GovTrack’s Bill Summary
We don’t have a summary available yet.
This bill passed in the House on April 15, 2013 and goes to the Senate next for consideration.
36% chance of being enacted.
The following factors determined this bill’s prognosis:
The sponsor is the chairman of a committee to which the bill has been referred. ▲
The sponsor is on a committee to which the bill has been referred, and the sponsor is a member of the majority party. ▲
A cosponsor is the ranking member of a committee to which the bill has been referred. ▲
The bill was introduced in the first year of the Congress. ▼
6+ cosponsors serve on a committee to which the bill has been referred. ▼
Key: ▲ Correlated with successful bills. ▼ Correlated with unsuccessful bills. Correlation may not indicate causation.
Last updated Dec 17, 2013.
|Referred to Committee|
|Reported by Committee|
|Signed by the President||...|
To amend title 31, United States Code, to make improvements in the Government Accountability Office.
The committee chair determines whether a bill will move past the committee stage.
No summaries available.
Click a format for a citation suggestion:
H.R. 1162--113th Congress: Government Accountability Office Improvement Act. (2013). In www.GovTrack.us. Retrieved March 8, 2014, from http://www.govtrack.us/congress/bills/113/hr1162
“H.R. 1162--113th Congress: Government Accountability Office Improvement Act.” www.GovTrack.us. 2013. March 8, 2014 <http://www.govtrack.us/congress/bills/113/hr1162>
|title=H.R. 1162 (113th)
|accessdate=March 8, 2014
|author=113th Congress (2013)
|date=March 14, 2013
|quote=Government Accountability Office Improvement Act
We don’t have a summary available yet.
The summary below was written by the Congressional Research Service, which is a nonpartisan division of the Library of Congress.
The summary below was written by the House Republican Conference, which is the caucus of Republicans in the House of Representatives.
This summary can be found at http://www.gop.gov/bill/113/1/hr1162.
The Government Accountability Office (GAO) is a legislative branch agency that examines how the federal government spends taxpayer dollars and investigates waste, fraud and abuse in federal programs. However, due to a lack of certain specified authorities, the GAO has at times found it difficult to obtain the information needed to perform its mission. H.R. 1162 intends to increase the effectiveness of the GAO by removing restrictions to necessary information when performing audits and investigations for the legislative branch.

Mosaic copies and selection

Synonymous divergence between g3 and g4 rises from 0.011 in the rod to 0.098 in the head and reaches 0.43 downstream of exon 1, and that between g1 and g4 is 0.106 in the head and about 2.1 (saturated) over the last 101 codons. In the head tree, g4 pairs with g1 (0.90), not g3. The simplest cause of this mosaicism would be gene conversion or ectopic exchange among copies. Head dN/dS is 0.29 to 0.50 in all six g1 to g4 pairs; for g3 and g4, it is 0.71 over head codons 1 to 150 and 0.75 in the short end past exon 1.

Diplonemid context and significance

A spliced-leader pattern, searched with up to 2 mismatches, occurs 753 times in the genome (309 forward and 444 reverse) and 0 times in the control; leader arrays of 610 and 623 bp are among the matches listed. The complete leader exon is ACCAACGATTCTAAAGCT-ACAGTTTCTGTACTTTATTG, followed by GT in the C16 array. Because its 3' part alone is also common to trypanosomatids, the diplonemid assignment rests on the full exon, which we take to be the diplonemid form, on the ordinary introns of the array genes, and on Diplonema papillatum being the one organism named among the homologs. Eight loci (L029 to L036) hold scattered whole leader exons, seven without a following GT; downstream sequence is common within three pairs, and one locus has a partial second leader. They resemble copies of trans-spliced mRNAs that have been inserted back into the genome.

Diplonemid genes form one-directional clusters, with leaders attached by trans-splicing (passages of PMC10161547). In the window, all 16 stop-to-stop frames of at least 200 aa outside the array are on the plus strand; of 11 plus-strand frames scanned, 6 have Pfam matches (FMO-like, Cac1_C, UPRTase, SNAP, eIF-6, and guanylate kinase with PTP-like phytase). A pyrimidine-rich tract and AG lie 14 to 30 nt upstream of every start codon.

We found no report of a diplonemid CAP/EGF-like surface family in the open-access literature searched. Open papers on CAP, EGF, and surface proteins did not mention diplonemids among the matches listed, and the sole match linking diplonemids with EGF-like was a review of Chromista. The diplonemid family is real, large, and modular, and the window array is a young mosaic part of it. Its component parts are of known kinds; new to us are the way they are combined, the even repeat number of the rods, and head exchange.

H.R. 1162 expands the authority of the GAO to obtain information from the Executive Branch. Specifically, the bill allows the Comptroller General to pursue civil action to obtain agency records; expands GAO’s ability to obtain sworn testimony; expands access to specific categories of records that have been denied to GAO previously; requires GAO to prescribe policies to protect proprietary or trade secret information from public disclosure; and requires agency heads to send GAO report responses to all oversight committees of jurisdiction.
CBO estimates that H.R. 1162 would “have no significant impact on the federal budget.”
The House Democratic Caucus does not provide summaries of bills.
So, yes, we display the House Republican Conference’s summaries when available even if we do not have a Democratic summary available. That’s because we feel it is better to give you as much information as possible, even if we cannot provide every viewpoint.
We’ll be looking for a source of summaries from the other side in the meanwhile.
The bill contains the following citations to other parts of U.S. law:
The United States Code is the compilation of general and permanent laws enacted by Congress. Laws that are not permanent in nature, law that affect a single individual, family, or small group, regulations, case law, state law, and local law do not appear in the United States Code.